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Amazon is putting veteran leaders in charge of its big grocery delivery plans

The company is accelerating the growth of its retail and delivery options.

Amazon Expands Grocery Delivery Service To Los Angeles Area Photo by Kevork Djansezian/Getty Images
Jason Del Rey has been a business journalist for 15 years and has covered Amazon, Walmart, and the e-commerce industry for the last decade. He was a senior correspondent at Vox.

You can tell a lot about how serious Amazon is about a new business by who Jeff Bezos and his executive team tap to work on it. So when it comes to Amazon’s plans to double down on grocery delivery and even open grocery stores, the people running it tell the story.

Earlier this year, longtime Amazonian Ben Hartman was chosen to run Amazon Fresh, Recode has learned. Hartman was most recently the technical adviser or “shadow” to Jeff Wilke, the CEO of Amazon’s global consumer business, sources say. The “shadow” program is a big deal at Amazon, with graduates typically going on to run crucial new initiatives at the company.

Amazon lifer Steve Kessel, a member of Bezos’s leadership team, is also involved in the planning for Amazon grocery store experiments, two sources told Recode. We previously reported that Kessel is overseeing all of Amazon’s efforts around opening up retail stores, including the new bookshops it has unveiled.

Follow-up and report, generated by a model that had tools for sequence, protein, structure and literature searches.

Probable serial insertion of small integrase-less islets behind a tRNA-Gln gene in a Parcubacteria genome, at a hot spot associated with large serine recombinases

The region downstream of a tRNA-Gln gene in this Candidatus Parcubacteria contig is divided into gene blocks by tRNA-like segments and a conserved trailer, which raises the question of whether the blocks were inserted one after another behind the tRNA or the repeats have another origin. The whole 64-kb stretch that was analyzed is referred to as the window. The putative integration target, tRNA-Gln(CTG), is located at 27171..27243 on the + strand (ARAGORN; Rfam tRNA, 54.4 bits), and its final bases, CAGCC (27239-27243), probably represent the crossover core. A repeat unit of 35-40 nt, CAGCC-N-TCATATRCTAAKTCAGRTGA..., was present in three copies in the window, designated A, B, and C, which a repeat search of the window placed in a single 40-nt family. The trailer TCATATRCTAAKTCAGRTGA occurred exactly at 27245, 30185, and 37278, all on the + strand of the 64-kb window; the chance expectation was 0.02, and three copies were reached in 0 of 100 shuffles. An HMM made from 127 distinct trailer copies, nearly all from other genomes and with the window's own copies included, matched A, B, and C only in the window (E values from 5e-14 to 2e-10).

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Amazon spokespeople didn’t respond to a request for comment.

Since first launching Amazon Fresh grocery delivery in 2007, Amazon has taken a conservative approach to expansion, opening the service in only a handful of regions. But in the past month, it has lowered the price of the service and allowed for monthly payments instead of one large upfront fee.

Amazon is also building its own drive-up grocery stores and is said to be planning small brick-and-mortar convenience stores that will sell perishable foods. Doug Herrington, Amazon’s SVP of North America Retail, is also helping to oversee these plans, sources say.

At Amazon, the shadow program began with Bezos tapping up-and-coming execs to one- to two-year stints working by his side on a daily basis. Previous Bezos shadows include Andy Jassy, now CEO of Amazon’s AWS business, and Amit Agarwal, who runs Amazon India. Last year, Bezos named a woman to the role for the first time: Maria Renz, previously the head of Amazon’s Quidsi subsidiary.

Somewhere along the line, Jeff Wilke got his own shadows, too. Before Hartman, Amazon’s Stephenie Landry was Wilke’s shadow. Today, she runs Amazon’s high-profile Prime Now one-hour delivery service.

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